Melbourne woman Eleanor Chadwick, 26, has struggled with crippling anxiety all her life. The last thing she ever thought she would do was headline a music video - but not only did she do just that, she is performing in a large stage show in Melbourne on November 25. Eleanor joined Pop Choir, one of Australia's biggest community choirs, and her self-confidence has sky-rocketed as music helped her escape what she calls "the nonsense in my brain." Here, she tells Lifestyle News her inspirational story.
Not long ago I took to the stage to perform a song I wrote myself at a music showcase. As I stepped toward the microphone, my heart started to pound.
The familiar feeling of my heart beating out of my chest and not being able to breathe properly began to overtake me.
Breathe, take a deep breath I told myself. I opened my mouth and to my relief the sounds came out. People were smiling. Phew.
Being a singer and dealing with anxiety is a tough combination. I get very anxious in the lead up to performing.
I’ve performed many times over the years but despite this, every time I notice my body getting into a panicked state where my brain is in overdrive.
Which makes it very hard for me to be able to sing properly and remember the lyrics! It’s hard, but it does get a little bit easier every time.
I’ve always been a highly anxious person. I have vivid memories from the age of five onwards being anxious about minor things.
I’d fixate on school pick-ups worrying the person would be late or that something bad might happen. I’d fret about school fetes, performances, homework and having to present.
I used to bite my lip and make it red and sore. Mostly school was overwhelming for me.
However, I muddled my way through, and now, at the age of 26, apart from being an aspiring singer/songwriter I’m also a disability support worker and kindergarten educator pursuing a degree in early years/primary education.
I still get very anxious about university assignments and deadlines and get so overwhelmed about the final product feeling it needs to be perfect and thinking that I’m going to fail.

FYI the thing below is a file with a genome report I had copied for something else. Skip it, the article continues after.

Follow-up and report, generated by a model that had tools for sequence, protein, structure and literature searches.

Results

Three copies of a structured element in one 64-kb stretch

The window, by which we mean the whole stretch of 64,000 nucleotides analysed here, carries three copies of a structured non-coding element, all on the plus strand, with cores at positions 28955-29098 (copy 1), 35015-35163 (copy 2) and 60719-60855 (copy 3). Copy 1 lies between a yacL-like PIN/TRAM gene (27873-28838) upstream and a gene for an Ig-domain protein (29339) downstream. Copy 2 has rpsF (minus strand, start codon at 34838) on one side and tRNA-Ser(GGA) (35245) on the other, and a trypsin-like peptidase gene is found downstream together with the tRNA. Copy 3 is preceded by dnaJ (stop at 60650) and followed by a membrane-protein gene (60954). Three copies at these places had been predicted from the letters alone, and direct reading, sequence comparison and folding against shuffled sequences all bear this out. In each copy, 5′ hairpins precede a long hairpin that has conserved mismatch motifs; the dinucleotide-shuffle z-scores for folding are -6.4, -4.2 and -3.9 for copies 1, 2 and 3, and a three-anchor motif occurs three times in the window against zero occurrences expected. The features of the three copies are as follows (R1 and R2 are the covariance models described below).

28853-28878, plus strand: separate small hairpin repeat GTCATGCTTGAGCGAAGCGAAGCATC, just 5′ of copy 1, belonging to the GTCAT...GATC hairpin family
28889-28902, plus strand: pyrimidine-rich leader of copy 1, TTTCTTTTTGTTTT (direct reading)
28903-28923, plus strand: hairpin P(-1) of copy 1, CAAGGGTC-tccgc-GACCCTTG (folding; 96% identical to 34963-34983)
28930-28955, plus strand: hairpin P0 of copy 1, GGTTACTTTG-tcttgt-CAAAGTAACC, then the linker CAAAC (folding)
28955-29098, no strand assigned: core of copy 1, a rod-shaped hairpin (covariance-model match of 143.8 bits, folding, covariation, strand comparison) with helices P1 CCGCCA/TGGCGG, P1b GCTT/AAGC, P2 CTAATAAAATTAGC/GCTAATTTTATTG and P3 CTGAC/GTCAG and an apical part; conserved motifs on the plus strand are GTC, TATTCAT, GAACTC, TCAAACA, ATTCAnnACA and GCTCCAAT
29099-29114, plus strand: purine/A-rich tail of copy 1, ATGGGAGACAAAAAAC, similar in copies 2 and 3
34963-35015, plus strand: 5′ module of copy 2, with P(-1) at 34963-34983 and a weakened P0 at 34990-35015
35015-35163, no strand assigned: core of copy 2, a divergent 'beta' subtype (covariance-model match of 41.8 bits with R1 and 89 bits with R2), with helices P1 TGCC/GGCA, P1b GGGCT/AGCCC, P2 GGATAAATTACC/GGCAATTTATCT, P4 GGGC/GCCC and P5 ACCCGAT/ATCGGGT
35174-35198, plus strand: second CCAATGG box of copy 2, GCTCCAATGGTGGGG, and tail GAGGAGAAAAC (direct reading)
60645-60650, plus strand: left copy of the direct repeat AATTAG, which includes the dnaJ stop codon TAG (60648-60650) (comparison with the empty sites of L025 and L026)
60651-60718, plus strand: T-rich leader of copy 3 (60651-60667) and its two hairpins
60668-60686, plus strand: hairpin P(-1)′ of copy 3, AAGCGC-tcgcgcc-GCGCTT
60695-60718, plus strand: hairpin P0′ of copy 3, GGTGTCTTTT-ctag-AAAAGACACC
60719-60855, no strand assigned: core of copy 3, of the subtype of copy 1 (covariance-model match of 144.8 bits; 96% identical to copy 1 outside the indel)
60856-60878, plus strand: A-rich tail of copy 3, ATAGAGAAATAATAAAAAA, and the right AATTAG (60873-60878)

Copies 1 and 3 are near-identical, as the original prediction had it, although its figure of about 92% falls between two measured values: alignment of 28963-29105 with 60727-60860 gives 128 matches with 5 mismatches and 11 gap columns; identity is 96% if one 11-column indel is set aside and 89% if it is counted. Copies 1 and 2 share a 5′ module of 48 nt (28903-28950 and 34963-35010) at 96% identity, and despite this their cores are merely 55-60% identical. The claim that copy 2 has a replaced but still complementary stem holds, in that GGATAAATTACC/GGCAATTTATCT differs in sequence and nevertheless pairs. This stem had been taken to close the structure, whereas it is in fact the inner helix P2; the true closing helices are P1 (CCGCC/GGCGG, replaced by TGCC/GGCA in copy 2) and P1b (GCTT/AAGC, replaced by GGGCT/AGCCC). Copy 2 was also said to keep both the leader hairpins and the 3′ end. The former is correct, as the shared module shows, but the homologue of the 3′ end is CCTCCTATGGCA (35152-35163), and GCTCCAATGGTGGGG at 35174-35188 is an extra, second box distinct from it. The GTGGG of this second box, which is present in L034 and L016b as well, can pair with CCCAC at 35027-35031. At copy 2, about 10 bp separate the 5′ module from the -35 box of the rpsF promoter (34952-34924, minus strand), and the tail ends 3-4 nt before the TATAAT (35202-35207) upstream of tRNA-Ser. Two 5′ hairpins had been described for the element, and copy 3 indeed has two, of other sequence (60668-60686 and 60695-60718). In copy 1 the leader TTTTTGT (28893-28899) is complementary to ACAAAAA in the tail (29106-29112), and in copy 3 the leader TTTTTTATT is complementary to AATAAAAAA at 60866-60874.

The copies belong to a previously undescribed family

I notice my body getting into a panicked and overwhelmed state to the point where I don’t produce anything at all, which makes me even more anxious.
It becomes a vicious cycle, but I’ve learnt to manage my anxiety around this and haven’t given up on my studies, despite how many breakdowns I’ve had.
It’s become easier for me over time by implementing strategies, such as recognising and knowing when my work is complete, that I have done my best and that it doesn't need to be perfect.
This is an important strategy for me and ensures I don't get to the point where I may 'burn out.'
One thing which always gave me a lot of joy was singing. However, the performance aspect of singing is something that’s always been very challenging for me as you can imagine.
I started getting singing lessons with my vocal coach Sharon Stokes when I was around the age of 16 and studying VCE music at the time. At that time my self-confidence was hugely lacking, however Sharon helped me grow within myself and as a singer and performer. In 2021 I joined the group Sharon co-founded - Pop Choir – one of Australia’s largest community choirs based in Melbourne. With 750 members spread over four locations, being part of the choir has made a huge impact on my mental health and my self-love journey.
For me, Pop Choir is a safe place where I can completely shut off my brain and immerse myself in music.
Being able to do a hobby where you can separate yourself from your anxiety is a fantastic coping mechanism. I can be feeling exhausted after a long day and the second we start singing I’m taken to my happy place.
I leave full of energy and with a positive mindset that carries me for my whole week. We have done various public performances over the years and pushing myself to perform has gotten better each time.
I also started getting lessons with Pop Choir’s other co-founder Darryl Moulton, who helped me write, produce and record my first single Pull Me Down released last year which is about my struggles with anxiety and how I’ve finally learnt to live with and embrace my arch nemesis.
A few months ago Darryl asked me to be the lead character in the music video for Pop Choir’s new single Window With Smiles.
The song is in support of The Lighthouse Foundation’s youth homelessness mission and my character was to wander around Melbourne feeling lost and adrift. I felt nervous at the thought of being the lead, but it was a fantastic experience.
Soon I’ll be on stage with 350 choir members for our first large scale stage show - Pop Choir at the Palais: With a little help from our friends - on Saturday November 25 at the historic Palais Theatre in St Kilda.
Performing lots of well-loved songs from bands like Coldplay, The Beatles, Radiohead and Take That in front of thousands of people, I know my nerves will be fluttering, but I will steady my mind and cope.
Nowadays, I’m definitely more in tune with myself and my emotions. I’ve come to terms with the fact that I’ll always be an anxious person and have found ways of dealing with it.
To keep it from feeling overwhelming, I know when I need to rest and recover, spend time with loved ones, go for walks and know when to ask for help.
I also like to tell myself that the world isn’t going to fall down if this one thing happens and that I’m just a tiny speck in the universe.
It’s easier said than done but being able to rewire my thinking has allowed me to believe in myself to think more positively rather than always focusing on the negative.
Basically, I’m much happier knowing that everything will all be okay.
For ticket information on Pop Choir at the Palais: With a little help from our friends visit here.